SPARC has now released Article-Level Metrics: A SPARC Primer (2013) which defines Article-Level Metrics (ALMs) and:
is designed to give campus leaders and other interested parties an overview of what ALMs are, why they matter, how they complement established utilities, and how they can be used in the tenure and promotion process.
The full primer goes on to define ALMs and their uses:
- ALMs pull from two distinct data streams: scholarly visibility and social visibility.
- ALMs provide different markers of an article’s reach, beyond just citations. ALMs can incorporate shorter-term data points such as news coverage, blog posts, tweets, and Facebook likes. They can also include longer-term markers such as download statistics and article comments. Taken collectively, these data points can present a much fuller perspective of an article’s impact over time.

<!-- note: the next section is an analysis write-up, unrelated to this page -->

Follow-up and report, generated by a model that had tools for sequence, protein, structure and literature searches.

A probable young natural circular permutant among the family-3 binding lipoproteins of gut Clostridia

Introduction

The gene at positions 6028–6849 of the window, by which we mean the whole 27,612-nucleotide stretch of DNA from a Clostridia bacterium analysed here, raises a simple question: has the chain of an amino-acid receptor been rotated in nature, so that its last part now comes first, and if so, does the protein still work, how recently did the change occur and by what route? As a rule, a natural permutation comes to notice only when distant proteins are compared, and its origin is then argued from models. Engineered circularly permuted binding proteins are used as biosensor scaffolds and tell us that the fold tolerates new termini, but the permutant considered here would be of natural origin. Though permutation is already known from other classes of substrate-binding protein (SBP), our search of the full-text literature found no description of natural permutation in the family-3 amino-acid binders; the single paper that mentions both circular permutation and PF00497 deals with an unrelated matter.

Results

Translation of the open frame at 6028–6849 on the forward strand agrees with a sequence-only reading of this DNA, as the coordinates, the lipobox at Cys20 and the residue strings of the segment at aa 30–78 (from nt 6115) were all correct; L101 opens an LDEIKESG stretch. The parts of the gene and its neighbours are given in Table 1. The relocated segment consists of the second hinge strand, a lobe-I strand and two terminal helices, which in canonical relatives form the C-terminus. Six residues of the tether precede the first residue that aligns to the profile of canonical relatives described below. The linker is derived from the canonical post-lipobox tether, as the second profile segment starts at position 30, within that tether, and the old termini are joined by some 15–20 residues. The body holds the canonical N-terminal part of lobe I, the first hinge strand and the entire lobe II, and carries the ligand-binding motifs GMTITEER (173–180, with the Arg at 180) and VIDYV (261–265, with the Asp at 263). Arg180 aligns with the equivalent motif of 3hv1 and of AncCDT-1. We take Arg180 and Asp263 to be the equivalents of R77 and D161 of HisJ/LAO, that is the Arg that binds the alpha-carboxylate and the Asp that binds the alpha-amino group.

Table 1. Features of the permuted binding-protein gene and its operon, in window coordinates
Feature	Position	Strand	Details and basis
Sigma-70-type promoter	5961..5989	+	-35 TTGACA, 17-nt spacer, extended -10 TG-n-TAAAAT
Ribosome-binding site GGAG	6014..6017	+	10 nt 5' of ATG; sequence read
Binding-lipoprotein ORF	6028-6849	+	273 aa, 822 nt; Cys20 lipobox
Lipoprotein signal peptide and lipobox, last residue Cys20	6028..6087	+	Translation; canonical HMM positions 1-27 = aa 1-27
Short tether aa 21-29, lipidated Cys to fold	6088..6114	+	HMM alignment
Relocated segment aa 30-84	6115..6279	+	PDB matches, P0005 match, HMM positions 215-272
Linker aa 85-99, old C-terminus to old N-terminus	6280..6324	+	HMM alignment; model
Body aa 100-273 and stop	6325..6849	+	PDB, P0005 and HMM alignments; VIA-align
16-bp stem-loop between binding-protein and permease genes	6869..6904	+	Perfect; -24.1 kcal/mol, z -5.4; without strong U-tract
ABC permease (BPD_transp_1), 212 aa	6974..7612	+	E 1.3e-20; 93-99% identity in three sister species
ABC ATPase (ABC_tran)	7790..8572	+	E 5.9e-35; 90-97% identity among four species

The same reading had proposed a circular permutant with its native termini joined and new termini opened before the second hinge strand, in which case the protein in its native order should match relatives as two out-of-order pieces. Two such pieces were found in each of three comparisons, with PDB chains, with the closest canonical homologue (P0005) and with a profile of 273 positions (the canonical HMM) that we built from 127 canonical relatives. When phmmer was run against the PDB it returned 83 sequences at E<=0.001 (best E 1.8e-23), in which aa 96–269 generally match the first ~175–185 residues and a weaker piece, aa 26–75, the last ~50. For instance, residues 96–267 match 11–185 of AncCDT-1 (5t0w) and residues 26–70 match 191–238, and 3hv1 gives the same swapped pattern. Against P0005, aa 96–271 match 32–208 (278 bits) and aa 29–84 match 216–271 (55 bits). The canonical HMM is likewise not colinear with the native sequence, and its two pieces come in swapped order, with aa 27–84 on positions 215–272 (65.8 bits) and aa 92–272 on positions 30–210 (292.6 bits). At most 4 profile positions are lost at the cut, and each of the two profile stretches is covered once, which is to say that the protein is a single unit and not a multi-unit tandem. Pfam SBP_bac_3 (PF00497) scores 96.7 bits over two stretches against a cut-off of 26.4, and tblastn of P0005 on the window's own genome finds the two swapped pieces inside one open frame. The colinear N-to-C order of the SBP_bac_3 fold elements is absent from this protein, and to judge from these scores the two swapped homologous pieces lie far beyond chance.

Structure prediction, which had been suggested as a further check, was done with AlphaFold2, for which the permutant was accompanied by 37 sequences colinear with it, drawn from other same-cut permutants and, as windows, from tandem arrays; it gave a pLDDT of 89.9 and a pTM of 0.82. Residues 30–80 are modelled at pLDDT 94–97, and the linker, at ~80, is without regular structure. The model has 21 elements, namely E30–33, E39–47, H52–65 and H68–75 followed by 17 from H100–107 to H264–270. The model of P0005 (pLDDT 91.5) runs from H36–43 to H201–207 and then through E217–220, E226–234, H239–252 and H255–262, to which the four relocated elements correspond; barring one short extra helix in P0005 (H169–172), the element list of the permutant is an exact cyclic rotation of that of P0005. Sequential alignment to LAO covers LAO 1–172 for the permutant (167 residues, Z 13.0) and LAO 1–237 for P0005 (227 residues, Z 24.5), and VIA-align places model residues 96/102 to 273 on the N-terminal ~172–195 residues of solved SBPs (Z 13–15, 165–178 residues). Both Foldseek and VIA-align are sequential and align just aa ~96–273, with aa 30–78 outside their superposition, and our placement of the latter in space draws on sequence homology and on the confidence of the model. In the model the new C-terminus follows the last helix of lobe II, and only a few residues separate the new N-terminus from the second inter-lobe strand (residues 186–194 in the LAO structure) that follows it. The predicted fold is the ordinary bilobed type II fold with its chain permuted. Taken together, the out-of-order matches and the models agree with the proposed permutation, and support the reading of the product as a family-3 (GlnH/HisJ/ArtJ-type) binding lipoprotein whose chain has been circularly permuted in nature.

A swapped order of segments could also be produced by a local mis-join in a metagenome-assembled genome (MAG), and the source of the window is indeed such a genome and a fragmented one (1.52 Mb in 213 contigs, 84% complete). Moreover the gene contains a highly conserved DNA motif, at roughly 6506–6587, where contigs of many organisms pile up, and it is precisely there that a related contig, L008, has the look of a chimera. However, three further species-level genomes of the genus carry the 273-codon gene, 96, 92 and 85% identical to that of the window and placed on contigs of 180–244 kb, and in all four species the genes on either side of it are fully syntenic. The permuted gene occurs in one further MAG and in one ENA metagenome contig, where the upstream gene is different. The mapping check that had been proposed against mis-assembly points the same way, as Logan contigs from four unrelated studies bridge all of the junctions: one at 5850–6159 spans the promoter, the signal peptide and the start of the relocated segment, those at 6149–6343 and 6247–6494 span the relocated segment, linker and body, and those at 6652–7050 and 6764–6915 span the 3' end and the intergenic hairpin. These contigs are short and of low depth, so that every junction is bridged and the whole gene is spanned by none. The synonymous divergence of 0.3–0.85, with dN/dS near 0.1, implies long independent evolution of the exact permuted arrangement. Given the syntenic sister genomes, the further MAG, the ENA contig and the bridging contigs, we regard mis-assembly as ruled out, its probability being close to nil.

- Article-Level Metrics are sometimes conflated with “altmetrics”, but they are not interchangeable. Article-Level Metrics are an attempt to measure impact at the article level using traditional and emerging data sources. These emerging data sources are sometimes called altmetrics, and they can be used to help measure the impact of articles, journals, individual scholars, and other entities.
- ALMs are not owned or controlled by any single company. The community can develop, distribute, and build upon ALM tools in a manner that unlocks impact metrics. In this regard, ALMs dovetail with not just open access but various other “open” movements – open science, open data, and open source chief among them.
The full document is well worth reading for all interested in broader impacts, public scholarship, evaluating impact, and developing and supporting open standards. Luckily, the full Article-Level Metrics: A SPARC Primer (2013) is available online and is very readable.